Not many bands get to the grand old age of twenty and still manage to sell out shows all around the world, so with Placebo being in the middle of that exact kind of tour, tonight should be considered a celebration.
In those two decades, the band have been at the forefront of musical provocation and, because of that, Placebo draw a particular kind of crowd; one that’s going to be very hard to play for as a support band. They know what they like and they’re not afraid to let you know if you’re not up to scratch.
Unfortunately, for Husky Loops , they found that out tonight. It’s not unjustified though. The London based trio walk onstage to a drum loop over the top of spoken words that attempts to be thought-provoking, but, in reality, it’s just cringe-worthy. They play their way through a catalogue of disjointed songs that really don’t flow at all to an almost stagnant and uninterested audience. There’s literally nothing about this band that’s remotely interesting or likeable, just pretentious rubbish.
The best way to describe Husky Loops is if a less likeable Alex Turner was the frontman of a less interesting Royal Blood, and that’s putting it kindly. You have to applaud the trio for trying to be original, but they’re just trying to be original for the sake of it. If the band’s main goal was to alienate the audience, then they’ve succeeded.
Thankfully, the same can’t be said for headliners, Placebo . The band open with a video montage of old tour footage from twenty years together with one of the band’s biggest hits ‘Every You, Every Me’ being played over the speakers. One thing to note is that, even though the audience are going wild, this means that the band won’t be playing it live, and that’s a big disappointment. It’s short lived though, as they walk on to play flagship anthem, ‘Pure Morning’, which sounds absolutely monstrous in an arena. Brian Molko‘s guitar sounds huge, the drums are booming, and Stefan Olsdal‘s bass is so prominent that it’s vibrating through my chest.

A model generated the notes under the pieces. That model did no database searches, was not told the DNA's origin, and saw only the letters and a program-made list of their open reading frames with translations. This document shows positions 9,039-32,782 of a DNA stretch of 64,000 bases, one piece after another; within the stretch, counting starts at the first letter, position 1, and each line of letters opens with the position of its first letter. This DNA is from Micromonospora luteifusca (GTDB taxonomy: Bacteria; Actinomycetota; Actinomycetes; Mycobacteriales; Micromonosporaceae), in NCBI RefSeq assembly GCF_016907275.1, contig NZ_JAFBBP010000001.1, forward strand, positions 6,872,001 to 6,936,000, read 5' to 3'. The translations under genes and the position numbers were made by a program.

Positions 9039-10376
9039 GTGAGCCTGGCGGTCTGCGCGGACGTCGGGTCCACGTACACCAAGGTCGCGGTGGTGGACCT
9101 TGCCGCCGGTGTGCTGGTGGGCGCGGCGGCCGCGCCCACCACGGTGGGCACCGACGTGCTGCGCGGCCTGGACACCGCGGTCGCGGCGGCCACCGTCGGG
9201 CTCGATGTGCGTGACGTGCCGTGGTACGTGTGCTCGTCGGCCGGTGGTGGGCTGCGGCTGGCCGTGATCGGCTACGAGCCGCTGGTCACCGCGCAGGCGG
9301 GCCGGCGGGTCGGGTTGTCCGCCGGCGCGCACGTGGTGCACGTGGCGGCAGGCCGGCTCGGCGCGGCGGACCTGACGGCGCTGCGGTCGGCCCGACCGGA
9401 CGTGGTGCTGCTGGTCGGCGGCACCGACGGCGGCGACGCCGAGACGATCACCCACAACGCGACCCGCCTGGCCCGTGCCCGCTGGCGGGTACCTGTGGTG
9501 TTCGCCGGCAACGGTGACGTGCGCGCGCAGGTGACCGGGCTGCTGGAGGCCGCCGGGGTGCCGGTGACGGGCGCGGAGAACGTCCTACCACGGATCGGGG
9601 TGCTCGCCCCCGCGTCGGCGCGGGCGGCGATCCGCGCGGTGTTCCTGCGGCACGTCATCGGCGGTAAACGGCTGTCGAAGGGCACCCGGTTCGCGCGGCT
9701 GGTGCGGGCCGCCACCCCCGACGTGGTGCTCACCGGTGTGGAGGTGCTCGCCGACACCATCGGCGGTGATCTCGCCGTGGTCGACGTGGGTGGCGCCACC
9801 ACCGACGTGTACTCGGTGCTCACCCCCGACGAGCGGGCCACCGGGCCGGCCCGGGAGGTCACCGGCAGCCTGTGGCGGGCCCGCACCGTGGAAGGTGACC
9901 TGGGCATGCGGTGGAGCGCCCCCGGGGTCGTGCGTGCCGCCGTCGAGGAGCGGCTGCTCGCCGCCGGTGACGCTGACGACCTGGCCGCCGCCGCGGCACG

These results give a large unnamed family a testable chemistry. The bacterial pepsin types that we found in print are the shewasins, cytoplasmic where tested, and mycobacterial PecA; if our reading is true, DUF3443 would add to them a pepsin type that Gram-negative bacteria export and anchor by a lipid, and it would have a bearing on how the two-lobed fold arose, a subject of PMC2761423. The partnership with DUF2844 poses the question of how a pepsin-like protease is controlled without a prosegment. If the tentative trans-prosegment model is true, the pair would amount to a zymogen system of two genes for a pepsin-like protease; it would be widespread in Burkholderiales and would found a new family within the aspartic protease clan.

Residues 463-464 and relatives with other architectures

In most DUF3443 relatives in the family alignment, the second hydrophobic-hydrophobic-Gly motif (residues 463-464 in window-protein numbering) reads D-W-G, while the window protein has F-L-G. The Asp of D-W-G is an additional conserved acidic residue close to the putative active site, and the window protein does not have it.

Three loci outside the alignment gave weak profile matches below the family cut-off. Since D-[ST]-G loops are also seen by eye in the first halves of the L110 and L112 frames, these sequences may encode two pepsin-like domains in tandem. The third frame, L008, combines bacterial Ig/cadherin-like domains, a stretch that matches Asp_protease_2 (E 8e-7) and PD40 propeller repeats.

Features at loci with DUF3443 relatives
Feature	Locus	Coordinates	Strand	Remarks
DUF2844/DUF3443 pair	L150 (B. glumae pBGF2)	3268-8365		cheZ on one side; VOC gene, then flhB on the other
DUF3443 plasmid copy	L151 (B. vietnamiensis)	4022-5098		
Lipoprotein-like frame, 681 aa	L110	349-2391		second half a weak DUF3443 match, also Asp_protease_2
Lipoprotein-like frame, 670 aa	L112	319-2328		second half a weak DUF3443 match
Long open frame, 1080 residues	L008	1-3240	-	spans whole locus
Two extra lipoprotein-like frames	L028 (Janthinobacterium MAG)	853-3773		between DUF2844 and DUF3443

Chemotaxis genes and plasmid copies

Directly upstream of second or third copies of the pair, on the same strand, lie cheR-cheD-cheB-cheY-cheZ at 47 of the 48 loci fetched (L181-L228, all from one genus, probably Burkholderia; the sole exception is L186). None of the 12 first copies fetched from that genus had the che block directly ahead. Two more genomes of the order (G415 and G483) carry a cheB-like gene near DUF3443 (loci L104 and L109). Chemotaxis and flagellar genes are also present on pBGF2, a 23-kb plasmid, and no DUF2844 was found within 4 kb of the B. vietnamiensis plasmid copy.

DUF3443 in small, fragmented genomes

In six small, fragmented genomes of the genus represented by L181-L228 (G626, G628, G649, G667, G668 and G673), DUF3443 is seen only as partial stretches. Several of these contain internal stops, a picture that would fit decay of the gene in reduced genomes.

As the band reel off hit after hit along with plenty of fan favourites, Molko takes time to let the audience know that he’s ill and lost his voice in Reading a few nights ago. He apologises that he doesn’t sound like his usual self, makes a nice speech about how he didn’t want to cancel tonight, and then continues to reel off an expansive career spanning set.
Visually, tonight’s backdrop is a wall of LED lights that projected flashing imagery, red and blue backdrops, and even a dig at Donald Trump with his face on a cigarette pack. Prior to the start of their UK tour, Molko did an emotional interview with the Metro around his close late friend, David Bowie, and how he helped the band in their early years (it’s an interesting read if you do get a chance). Tonight, the band echo that sentiment when during ‘Without You, I’m Nothing’ there was a poignant video tribute to the man himself, which surely resonates throughout the crowd.
‘Nancy Boy’ opens up their encore to the biggest crowd reaction of the night. Unfortunately, it’s the only period of the night in which the extent of Molko‘s voice loss becomes apparent. The band’s biggest hit sounds vocally flat, and the high notes are just not being hit. It’s unfortunate, as is the absence of their Kate Bush cover, ‘Running Up That Hill’; something that would have ascended Placebo to a pedestal as the curtains closed to end the night perfectly.
Tonight, and indeed the tour, is without a doubt a triumph and showcases just how influential the duo have been for music all around the world in the last twenty years. Here’s hoping that the guys have got another good few years left in them because, quite clearly, Placebo are far from done yet.
Written by Jacob Eynon (@itsjustjake93)